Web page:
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Morning Word: Hot Wheels

July 7, 2017, 7:30 am

Three wheels and a badge
The long arm of the law is coming—at 15 mph. Police in Santa Fe will soon be cruising the Plaza and greater Plaza area on Segways. These are no ordinary cruisers, as the $17,000 price tag suggests. The cop versions have three wheels instead of two and come complete with factory-tuned language to convince city governments they're worth the money. The city's tourism arm is picking up the tab for the two units.

Powerful narcotic on Santa Fe streets
Police say that fentanyl, a massively potent painkiller, is now a firm part of the street-drug scene in Santa Fe. Detectives say drug dealers mix it with heroin, but even a small dose of fentanyl can be fatal—and it's already killed one person through an overdose.

Santa Fe has created a Twitter handle to help drivers let it know about potholes around town. The effort promises a fix to most problems within 72 hours. The account—found on Twitter by searching @PostaPotholeSF—is monitored by the city's public works department.

Reconsider ranked-choice
Advocates for ranked-choice voting, an instant-runoff style of balloting, are asking the mayor and City Council to take another look at implementing the system for city elections next March. Santa Fe is supposed to be using ranked-choice voting. Voters approved an amendment to the city charter calling for it. That was back in 2008, but the city has consistently opted to wait.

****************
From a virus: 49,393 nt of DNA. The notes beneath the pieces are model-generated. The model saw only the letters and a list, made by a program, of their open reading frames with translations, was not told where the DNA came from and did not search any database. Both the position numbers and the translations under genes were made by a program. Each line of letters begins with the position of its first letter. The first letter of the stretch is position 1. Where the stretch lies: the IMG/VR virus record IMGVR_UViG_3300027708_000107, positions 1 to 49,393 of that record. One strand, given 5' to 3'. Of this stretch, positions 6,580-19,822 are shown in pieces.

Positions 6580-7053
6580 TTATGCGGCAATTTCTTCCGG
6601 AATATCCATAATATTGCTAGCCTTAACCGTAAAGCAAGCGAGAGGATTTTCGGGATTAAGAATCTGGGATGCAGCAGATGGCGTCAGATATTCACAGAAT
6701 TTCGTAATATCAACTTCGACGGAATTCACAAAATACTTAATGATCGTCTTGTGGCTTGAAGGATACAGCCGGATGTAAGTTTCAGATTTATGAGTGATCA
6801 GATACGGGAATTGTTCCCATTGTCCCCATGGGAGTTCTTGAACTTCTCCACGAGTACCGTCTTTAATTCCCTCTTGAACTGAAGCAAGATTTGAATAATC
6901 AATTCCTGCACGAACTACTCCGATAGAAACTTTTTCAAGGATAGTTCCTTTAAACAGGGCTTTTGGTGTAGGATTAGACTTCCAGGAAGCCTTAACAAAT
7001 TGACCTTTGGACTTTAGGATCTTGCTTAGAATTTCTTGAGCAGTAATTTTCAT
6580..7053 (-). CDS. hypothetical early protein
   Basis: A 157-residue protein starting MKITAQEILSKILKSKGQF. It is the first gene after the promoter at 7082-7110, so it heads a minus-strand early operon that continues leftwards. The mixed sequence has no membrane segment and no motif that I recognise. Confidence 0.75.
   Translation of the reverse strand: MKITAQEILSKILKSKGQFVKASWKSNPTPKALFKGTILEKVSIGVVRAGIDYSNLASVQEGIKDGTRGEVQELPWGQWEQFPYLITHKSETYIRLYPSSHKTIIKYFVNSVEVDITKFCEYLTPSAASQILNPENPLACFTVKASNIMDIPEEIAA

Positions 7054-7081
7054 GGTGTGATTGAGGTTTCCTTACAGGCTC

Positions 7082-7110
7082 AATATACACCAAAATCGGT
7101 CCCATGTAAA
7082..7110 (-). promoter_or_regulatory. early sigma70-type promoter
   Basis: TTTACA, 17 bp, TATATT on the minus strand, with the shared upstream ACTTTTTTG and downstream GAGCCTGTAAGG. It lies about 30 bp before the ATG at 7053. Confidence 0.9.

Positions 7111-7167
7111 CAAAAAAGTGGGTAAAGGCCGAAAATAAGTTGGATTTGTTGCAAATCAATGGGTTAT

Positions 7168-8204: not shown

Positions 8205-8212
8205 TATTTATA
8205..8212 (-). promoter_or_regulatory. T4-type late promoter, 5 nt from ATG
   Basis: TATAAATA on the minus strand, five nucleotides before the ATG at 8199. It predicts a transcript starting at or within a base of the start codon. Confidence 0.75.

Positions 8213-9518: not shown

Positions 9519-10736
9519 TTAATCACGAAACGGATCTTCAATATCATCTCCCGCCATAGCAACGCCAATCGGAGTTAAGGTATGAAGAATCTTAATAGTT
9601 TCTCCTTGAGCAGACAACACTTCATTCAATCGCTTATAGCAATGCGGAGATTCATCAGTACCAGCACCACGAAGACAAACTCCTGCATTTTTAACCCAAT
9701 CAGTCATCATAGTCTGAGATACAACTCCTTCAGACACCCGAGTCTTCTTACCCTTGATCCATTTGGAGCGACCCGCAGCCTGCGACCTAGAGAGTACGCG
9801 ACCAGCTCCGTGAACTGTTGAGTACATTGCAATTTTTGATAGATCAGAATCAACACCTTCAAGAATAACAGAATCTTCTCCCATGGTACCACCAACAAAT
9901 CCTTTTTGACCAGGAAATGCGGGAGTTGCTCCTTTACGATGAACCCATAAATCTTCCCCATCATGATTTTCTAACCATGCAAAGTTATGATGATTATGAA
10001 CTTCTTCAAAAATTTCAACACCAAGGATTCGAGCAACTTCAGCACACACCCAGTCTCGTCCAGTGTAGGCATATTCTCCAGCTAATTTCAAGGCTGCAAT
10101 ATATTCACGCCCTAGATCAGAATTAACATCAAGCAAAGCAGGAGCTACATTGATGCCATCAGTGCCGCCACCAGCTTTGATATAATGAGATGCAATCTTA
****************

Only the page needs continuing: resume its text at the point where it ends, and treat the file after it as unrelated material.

Missing out on outdoor hangout
Back in March, SFR told you about New Mexico's effort to win the Outdoor Retailers twice-yearly trade show. The convention announced a move from Utah. But there were real questions about whether the state even had a convention facility large enough to accommodate the show. It appears not, as Colorado recently nabbed the lucrative trade fair. 

South Capital flasher
A woman in the Santa Fe neighborhood chased off a Fourth of July flasher, breaking a stick over his back after she looked out her living room window to see the man fondling himself in her yard. Police aren't certain if there's any connection to similar incidents last summer.

NM, 18 other states sue Ed Secretary DeVos
New Mexico's attorney general has joined with other Democratic counterparts across the country to sue the feds for delaying rules on student debt at for-profit colleges. DeVos says the rules are unclear and need reworking. In part, they prohibit colleges from making students sign waivers of their right to sue to settle grievances.

Thou shalt take it to court
The city of Bloomfield has asked the US Supreme Court to reverse a lower court's ruling that a monument of the Ten Commandments outside City Hall be taken down. It's not a novel controversy, but the city's attorneys argue that lower courts are using different standards to figure out if such monuments should stay or go.

Thanks for reading! The Word wonders if an entire block could technically be considered a pothole. Because we've got some ideas.

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